Just to see if this is still true, prior to writing this post I went on the Internet and contacted four random breeders, two of which were offering Goldendoodle puppies, and two who were offering Labradoodle pups. I asked each of them whether their puppies were tested to prove that they were hypoallergenic. One did not reply, while another answered "It is not necessary to test individual puppies because it is well-established that all Goldendoodles are hypoallergenic." The third breeder wrote me that "Any specialty breed involving a Poodle has been scientifically shown to be non-allergenic." While the last responded "The mother is hypoallergenic, which means that all of the puppies are as well."

It appears that Conran was correct after all, and whether any individual "doodle" or "poo" designer dog is actually hypoallergenic remains more of a matter of untested belief rather than a scientific fact.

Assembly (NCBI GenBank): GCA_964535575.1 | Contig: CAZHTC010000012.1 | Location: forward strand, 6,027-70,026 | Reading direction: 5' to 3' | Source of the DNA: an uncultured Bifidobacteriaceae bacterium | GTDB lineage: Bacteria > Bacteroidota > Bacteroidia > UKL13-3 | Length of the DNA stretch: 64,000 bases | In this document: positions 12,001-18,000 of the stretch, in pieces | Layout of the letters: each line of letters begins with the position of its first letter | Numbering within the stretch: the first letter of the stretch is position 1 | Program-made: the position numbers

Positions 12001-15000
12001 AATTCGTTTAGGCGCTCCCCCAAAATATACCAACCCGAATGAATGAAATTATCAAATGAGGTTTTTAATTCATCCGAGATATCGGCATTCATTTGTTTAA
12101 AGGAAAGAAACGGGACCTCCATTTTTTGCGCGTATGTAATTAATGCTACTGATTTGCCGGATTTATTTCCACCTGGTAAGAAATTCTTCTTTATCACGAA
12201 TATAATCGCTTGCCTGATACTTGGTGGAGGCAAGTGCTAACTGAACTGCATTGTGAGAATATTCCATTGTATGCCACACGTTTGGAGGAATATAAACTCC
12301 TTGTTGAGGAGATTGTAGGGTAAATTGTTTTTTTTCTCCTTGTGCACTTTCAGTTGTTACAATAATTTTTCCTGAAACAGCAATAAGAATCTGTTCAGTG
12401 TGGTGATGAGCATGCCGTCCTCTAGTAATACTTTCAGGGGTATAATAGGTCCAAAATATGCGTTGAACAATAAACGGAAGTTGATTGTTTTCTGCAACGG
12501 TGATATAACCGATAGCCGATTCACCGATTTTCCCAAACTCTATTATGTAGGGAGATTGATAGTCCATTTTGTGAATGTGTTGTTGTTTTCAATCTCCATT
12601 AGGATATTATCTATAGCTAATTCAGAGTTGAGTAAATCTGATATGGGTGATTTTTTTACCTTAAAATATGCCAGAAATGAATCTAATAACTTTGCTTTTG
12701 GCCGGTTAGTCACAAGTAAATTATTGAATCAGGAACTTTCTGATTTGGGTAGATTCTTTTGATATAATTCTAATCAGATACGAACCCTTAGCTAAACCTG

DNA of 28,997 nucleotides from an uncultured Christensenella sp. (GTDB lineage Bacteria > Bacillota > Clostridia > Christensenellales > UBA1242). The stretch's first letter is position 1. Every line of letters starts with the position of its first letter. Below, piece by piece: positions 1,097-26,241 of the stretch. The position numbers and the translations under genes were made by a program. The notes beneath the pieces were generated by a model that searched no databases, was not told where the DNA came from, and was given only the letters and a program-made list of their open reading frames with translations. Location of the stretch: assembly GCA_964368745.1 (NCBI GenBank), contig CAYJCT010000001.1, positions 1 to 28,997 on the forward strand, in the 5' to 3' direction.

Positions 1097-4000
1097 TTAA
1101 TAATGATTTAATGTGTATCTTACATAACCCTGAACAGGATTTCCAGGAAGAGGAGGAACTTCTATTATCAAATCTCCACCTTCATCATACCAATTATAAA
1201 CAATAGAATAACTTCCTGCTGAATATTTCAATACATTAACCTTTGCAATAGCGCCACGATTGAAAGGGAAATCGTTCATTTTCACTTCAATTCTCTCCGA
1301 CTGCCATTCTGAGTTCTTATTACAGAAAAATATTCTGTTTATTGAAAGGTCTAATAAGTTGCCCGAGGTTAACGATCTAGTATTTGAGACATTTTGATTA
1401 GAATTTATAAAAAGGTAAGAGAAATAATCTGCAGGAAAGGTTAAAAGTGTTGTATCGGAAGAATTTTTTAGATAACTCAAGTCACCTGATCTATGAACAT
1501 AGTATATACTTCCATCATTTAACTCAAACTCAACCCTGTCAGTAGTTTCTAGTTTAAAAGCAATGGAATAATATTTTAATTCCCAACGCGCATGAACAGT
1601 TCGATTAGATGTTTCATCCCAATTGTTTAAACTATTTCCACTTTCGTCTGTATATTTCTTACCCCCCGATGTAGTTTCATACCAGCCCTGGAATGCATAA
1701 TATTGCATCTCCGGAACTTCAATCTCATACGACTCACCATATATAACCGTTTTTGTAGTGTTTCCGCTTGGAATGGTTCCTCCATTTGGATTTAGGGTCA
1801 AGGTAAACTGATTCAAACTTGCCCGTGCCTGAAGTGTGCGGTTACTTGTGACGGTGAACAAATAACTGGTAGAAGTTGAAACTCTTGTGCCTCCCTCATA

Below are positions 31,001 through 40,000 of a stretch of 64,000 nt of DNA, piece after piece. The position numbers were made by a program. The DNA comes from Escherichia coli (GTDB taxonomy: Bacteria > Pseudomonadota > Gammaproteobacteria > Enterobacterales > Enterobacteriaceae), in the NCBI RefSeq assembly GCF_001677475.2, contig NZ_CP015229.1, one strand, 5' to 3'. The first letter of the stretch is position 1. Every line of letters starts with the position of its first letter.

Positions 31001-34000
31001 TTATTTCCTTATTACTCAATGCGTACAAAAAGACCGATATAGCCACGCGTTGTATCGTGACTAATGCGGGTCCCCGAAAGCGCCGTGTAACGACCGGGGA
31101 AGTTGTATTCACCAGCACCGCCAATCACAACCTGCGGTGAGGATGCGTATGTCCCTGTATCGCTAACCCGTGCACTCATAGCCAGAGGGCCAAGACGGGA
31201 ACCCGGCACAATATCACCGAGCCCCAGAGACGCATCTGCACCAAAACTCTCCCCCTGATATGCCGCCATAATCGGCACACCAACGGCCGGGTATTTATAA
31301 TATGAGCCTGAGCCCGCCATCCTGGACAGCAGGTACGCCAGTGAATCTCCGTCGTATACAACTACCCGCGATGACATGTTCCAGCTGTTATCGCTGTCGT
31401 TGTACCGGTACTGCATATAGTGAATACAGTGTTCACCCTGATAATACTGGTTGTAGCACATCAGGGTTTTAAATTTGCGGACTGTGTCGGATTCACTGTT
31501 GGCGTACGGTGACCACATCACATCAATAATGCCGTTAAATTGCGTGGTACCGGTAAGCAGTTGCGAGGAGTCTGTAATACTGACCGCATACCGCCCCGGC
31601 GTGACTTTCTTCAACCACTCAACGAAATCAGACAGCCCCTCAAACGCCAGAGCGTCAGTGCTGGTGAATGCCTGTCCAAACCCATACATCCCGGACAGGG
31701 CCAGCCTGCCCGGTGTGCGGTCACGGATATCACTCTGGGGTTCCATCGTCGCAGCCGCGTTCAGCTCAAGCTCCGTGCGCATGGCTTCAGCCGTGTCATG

Copyright SC Psychological Enterprises Ltd. May not be reprinted or reposted without permission.


Burnett, E., Brand, C.L., O’Neill, D.G., Pegram, C.L., Belshaw, Z., Stevens, K.B. & Packer, R.M.A. (2022) How much is that doodle in the window? Exploring motivations and behaviours of UK owners acquiring designer crossbreed dogs (2019-2020). Canine Medicine and Genetics, 9(8).

Coren, S. (2014, 1 April). A Designer Dog Maker Regrets His Creation. Psychology Today, Canine Corner,